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A remarkable open-air art gallery lies on the lower slopes of the Kungey Alatau just north of Cholpon Ata. This open site, sometimes referred to as the Stone Garden, covers an area of over 40ha just outside the town to the northwest. A huge field of glacial boulders, many with pictures scratched or picked into their surfaces lie just above the town. Although petroglyphs can be found at a number of locations in Kyrgyzstan - most spectacularly at Saimaluu-Tash - the ones on display here are certainly the most easily accessible in the country. Unfortunately, there have been well-intentioned attempts to preserve the petroglyphs in recent years that may turn out to be more damaging than if they had merely been left alone. Only time will tell if the chemicals used to preserve the carvings have had any long-term deleterious effect.

Meandering through these huge fields you will come upon pictures scratched into rocks of all sizes. Said to date from 500 BC- 100 AD, they depict wolves, long-homed ibex, goats, horses, snow leopards, sacrifices and some hunting scenes. Their creators are thought to be the Sak and Usun peoples. Later engravings date from the Turkic era (5th to 10th century).

Some of these petroglyphs date from the later Bronze Age (about 1500 BC) but most are Saka-Usun (8th century BC to 1st century AD), predating the arrival of the Kyrgyz in the area. It is thought that the site may have represented a large open-air temple where the heavenly bodies, in particular the sun, were venerated. In addition to the carvings there are some arrangements of rocks in circles that may have served an astronomical or ritual function. It is believed that the Saka priests used this sacred site for sacrifices and other rites to the sun god and they lived in the settlements that are currently underwater in the Cholpon-Ata bay.

Most are of long-horned ibex, along with some wolves, deer and hunters, and some rocks appear to be arranged in sacred circles. Most of the carved stones, which range from 30cm to 3m in size, are oriented to face southwest or southeast, and this would indicate some form of sun worship.

Images of deer commonly feature in prehistoric carvings world-wide, although there may be a connection with deer worship that was widespread in the Altai and Siberian region in the same period. One of the largest of the Kyrgyz tribes, the Bugu ('red deer'), also venerated deer but would have migrated to the region many years after these petroglyphs had been fashioned.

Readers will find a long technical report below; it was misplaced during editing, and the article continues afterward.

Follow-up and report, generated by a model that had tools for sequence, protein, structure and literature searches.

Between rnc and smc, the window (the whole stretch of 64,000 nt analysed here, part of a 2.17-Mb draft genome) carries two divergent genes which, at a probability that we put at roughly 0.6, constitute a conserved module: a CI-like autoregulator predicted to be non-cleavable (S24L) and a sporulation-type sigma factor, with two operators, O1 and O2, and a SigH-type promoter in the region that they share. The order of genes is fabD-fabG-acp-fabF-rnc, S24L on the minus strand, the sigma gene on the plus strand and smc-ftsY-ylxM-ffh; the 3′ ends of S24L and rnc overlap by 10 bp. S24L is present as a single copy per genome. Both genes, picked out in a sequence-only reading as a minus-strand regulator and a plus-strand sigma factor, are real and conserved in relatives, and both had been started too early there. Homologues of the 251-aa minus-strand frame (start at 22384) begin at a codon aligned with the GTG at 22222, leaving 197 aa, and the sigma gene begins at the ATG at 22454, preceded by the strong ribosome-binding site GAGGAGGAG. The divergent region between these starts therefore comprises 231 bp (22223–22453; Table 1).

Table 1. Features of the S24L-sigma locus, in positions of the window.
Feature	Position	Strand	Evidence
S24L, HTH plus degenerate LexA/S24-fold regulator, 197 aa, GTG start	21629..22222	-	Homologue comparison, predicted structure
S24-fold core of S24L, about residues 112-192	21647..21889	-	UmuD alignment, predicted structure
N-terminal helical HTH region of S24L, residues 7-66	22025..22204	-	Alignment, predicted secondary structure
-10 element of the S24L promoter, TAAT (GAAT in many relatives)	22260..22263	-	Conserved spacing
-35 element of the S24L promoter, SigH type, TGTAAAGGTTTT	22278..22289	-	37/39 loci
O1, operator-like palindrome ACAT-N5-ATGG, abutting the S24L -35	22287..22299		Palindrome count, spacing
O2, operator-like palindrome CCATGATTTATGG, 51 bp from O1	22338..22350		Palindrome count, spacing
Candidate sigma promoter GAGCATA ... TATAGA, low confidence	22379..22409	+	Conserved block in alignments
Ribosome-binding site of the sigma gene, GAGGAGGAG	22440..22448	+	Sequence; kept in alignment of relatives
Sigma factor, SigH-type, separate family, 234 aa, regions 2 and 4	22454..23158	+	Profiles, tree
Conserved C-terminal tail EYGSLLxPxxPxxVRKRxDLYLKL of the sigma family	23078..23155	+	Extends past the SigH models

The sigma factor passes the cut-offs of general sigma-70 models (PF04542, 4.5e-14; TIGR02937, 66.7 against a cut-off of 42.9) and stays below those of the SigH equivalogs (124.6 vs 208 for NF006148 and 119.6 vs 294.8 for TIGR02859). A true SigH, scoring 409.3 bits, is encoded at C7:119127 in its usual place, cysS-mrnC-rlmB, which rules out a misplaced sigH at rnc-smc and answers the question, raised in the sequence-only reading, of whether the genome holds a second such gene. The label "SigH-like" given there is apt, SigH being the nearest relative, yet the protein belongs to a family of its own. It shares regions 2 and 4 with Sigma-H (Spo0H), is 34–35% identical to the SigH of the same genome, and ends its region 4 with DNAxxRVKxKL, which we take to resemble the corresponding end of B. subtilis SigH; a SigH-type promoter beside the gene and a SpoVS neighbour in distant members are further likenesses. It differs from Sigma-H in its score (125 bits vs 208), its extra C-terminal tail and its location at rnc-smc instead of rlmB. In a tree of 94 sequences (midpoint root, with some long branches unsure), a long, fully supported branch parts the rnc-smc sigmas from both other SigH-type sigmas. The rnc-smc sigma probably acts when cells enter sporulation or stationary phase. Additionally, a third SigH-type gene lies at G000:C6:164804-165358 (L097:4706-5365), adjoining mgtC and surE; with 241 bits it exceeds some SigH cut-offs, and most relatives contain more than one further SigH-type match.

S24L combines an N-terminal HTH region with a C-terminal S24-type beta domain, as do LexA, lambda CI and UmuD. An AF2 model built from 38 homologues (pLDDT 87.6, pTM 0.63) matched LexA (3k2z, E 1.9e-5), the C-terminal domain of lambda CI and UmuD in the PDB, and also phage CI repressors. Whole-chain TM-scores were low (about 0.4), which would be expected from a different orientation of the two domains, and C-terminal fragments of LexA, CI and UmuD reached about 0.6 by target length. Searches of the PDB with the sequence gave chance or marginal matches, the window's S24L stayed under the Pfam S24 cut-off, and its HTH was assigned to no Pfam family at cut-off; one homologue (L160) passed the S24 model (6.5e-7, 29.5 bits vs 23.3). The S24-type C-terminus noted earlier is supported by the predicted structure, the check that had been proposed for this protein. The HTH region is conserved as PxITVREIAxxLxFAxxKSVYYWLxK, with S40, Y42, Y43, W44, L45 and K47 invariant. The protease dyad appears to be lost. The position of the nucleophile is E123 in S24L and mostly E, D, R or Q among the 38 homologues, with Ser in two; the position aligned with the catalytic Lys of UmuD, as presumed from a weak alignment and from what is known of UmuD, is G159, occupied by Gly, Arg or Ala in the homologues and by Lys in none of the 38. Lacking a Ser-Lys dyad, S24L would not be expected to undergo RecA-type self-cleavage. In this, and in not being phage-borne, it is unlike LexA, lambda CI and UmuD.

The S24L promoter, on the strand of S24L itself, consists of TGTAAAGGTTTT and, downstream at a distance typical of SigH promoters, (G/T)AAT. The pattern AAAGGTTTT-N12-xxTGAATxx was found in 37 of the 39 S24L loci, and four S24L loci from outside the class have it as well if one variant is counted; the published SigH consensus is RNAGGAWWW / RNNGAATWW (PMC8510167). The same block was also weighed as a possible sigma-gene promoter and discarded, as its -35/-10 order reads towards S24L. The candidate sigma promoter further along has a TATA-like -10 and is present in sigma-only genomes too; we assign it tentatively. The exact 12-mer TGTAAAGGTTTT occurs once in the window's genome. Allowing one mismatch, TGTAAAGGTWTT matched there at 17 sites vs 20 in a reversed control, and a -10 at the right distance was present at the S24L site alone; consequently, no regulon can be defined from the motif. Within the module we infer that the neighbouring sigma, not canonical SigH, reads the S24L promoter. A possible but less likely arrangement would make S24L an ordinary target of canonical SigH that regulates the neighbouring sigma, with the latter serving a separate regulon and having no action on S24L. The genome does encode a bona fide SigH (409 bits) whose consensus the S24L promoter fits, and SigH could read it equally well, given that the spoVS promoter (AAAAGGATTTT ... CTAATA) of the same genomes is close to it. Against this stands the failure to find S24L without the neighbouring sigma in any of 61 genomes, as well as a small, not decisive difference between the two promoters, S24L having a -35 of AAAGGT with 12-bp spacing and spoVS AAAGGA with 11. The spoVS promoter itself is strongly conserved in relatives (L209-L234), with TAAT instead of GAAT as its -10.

The best time for a visit is in the late afternoon when the low sun hits the petroglyphs head on and makes them easier to see. It is also cooler and more atmospheric at this time of day, and the noise of water bubbling over rocks, which comes from the stream bisecting the site, can sound almost like distant thunder in the mountains. Many of the stones are numbered and some of the more interesting ones can be found at the top (northern) end of the site. There’s a nice view of Issyk-Kul below.

The Soviets attempted to document arid preserve the site, but money for such ventures is no longer available. In an effort to safeguard the petroglyphs, a small entrance fee was re-implemented and a caretaker appointed in summer 2001.  Guided tours in Russian can also be arranged  at the regional museum and help pinpoint the field’s more impressive inscriptions. Unfortunately, the caretaker faces an impossible task and this vast, vulnerable area of ancient pictures is slowly being reclaimed by the elements.

There are more petroglyphs in the region, at Kara-Oi, a 2km walk from the site, and near Ornok (4km up the new jeep road to Kazakhstan). 

Take the road opposite the boatyard turn-off until you reach a square with the police station on the right. Bear left and stop at the scrappy remains of a black iron fence, recently stolen, then head right on foot.